Campaigning for governor, lieutenant governor and attorney general of Virginia will cost more than ever this year - perhaps as much as $5 million.

But because of the large number of candidates - a dozen are competing for their shares of the money - and inflation, this year's campaigns may have to be more thrifty than those waged in 1973 and 1969.

The estimated $5 million total, the result of interviews with campaign officials, would easily set a record for state office campaign funding in Virginia in one year.

The most expensive race, of course, is the contest between Democrats Henry E. Howell and Andrew P. Miller and Republican John N. Dalton for governor.

Former Attorney General Miller hopes to raise $1 million for his primary race against former Lt. Gov. Howell, who is hoping to raise and spend about $650,000.

The winner of the Democratic primary is expected to spend enough in the general election to raise his total campaign cost to $1.5 million. Dalton has set a budget goal of $1.3 million.

This adds up to about $3.5 million for the gubernatorial election, including the Democratic primary, or almost $2 for every vote that would be cast in moderate turnouts.

In 1973, Republican Gov. Mills E. Godwin and Howell, running as an independent, each spent about $1 million in their general election contest, also about $2 for each vote cast. There were no primary contests four years ago.

Virginia campaign managers all agree that the cost of running for office has grown much faster in the last four years than is indicated by their budgets. "We will compensate for inflation by getting more mileage out of each campaign dollar than either Howell or Godwin did," Dalton campaign director William A. Royall said in an interview.

There is no universally accepted standard for judging whether campaign spending is reasonable or excessive, but the projected gubernatorial budgets are close to spending ceilings proposed in federal legislation for U.S. Senate races in Virginia.

A bill introduces in the U.S. Senate would provide public funding to Senate candidates who hold total spending within specified limits. For Virginia, the limit for a Senate race would be about $1.2 million for a primary and general election. This total is derived by applying a primary spending limit of 15 cents for each of the state's estimated 3.5 million voting-age residents.

The three gubernatorial campaigns are pursuing donors with distinctly different fund-raising styles.

The Miller campaign has built its fund-raising efforts around an unusually large finance committee of 400 persons that campaign manager Walter Marston describes "mostly middleechelon business and professional people."

"Each committee member is responsible for raising at least $2,000," Marston said. This would account for more than half of Miller's financing.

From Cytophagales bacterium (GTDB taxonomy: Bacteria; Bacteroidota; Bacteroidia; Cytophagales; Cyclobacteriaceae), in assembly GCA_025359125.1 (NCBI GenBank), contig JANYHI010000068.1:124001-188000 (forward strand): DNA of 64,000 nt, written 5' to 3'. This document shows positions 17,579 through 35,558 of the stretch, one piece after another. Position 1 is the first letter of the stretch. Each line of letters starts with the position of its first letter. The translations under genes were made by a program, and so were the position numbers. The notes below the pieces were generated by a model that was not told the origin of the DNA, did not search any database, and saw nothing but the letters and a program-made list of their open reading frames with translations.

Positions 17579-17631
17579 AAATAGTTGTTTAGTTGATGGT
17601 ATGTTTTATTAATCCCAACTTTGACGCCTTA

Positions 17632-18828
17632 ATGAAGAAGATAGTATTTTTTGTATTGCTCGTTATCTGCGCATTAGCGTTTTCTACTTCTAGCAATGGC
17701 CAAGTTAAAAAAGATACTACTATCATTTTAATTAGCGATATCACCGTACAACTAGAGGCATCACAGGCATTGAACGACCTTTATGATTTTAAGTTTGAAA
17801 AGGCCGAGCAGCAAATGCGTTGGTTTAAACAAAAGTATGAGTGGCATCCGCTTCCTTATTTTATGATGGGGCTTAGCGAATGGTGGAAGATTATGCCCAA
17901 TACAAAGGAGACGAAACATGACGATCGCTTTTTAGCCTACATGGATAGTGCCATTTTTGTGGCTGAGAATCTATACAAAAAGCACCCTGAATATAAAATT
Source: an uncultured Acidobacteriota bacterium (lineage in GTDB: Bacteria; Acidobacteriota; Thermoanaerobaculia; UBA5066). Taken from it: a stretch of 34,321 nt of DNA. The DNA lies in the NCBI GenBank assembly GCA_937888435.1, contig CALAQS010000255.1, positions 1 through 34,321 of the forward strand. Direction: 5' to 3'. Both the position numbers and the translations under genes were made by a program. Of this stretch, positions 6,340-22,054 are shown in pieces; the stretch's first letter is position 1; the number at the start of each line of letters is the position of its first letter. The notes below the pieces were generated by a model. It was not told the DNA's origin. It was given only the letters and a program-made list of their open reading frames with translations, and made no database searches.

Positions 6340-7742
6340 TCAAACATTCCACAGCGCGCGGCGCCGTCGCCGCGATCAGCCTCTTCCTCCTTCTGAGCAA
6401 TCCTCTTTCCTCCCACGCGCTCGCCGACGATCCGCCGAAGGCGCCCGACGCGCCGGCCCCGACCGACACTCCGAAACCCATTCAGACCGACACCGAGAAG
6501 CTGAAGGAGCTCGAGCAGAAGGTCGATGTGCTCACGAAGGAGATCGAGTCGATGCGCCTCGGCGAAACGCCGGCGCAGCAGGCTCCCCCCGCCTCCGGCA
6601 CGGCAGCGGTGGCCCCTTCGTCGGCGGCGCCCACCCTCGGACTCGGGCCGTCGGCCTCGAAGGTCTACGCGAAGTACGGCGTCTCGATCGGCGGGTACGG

Howell, making his third race for the governor's office in eight years, said in an interview that for major contributions he is relying on personal appeals to past supporters and a staff fund raising by William Rosendahl. Rosendahl is an experienced presidential campaign worker who was a fund raiser for Sen. George McGovern (D-S.D.) in his unsuccessful 1972 presidential race.

Dalton's appeal for major contributions is being made by a finance committee headed by Richmond investment banker Walter M. Craigie Jr., a veteran Republican fund raiser and secretary of finance in the administration of former Gov. Linwood Holton.

All three campaigns expect the majority of their funds, perhaps 60 per cent, to come from donations of $100 or more. The Dalton campaign, in fact, has projected that more than half of its donations will come from about 300 persons giving $1,000 or more.

Despite this open targeting of big givers, Dalton manager Royall insisted, "I predict that we will end up with more contributors and a smaller average contribution than either Howell or Miller."

The Dalton campaign is counting on an effective direct mail campaign to bring in 10,000 small gifts averaging only $20 each. Neither Howell nor Miller is planning an ambitious direct mail solicitation.

The vigorous fund-raising efforts of the gubernatorial candidates, campaign managers agree, is making it hard for candidates for lieutenant governor and attorney general to mount effective fund-raising drives.

Nevertheless, two of the three Democratic candidates for lieitenant governor - Del. Richard S. (Major) Reynolds (D-Richmond) and Charles S. (Chuck) Robb of McLean - are considered likely to spend more in seeking that office than has ever been spent before - perhaps as much as $300,000 in the primary and $200,000 more by the winner for the general election.

Reynolds is a member of the Reynolds Metals family and Robb is the son-in-law of the late Preshe late President Lyndon B. Johnson.

In the attorney general race, only Del. Edward E. Lane (D-Richmond) is considered to have the potential to run a heavily financed primary campaign because of his close ties to the Richmond financial community.

The first disclosure of campaign gifts and spending will not be made until May 14, 30 days before the Democratic primary. Another report must be filed seven days before the election and gifts of more than $1,000 must be reported during the last week before the voting.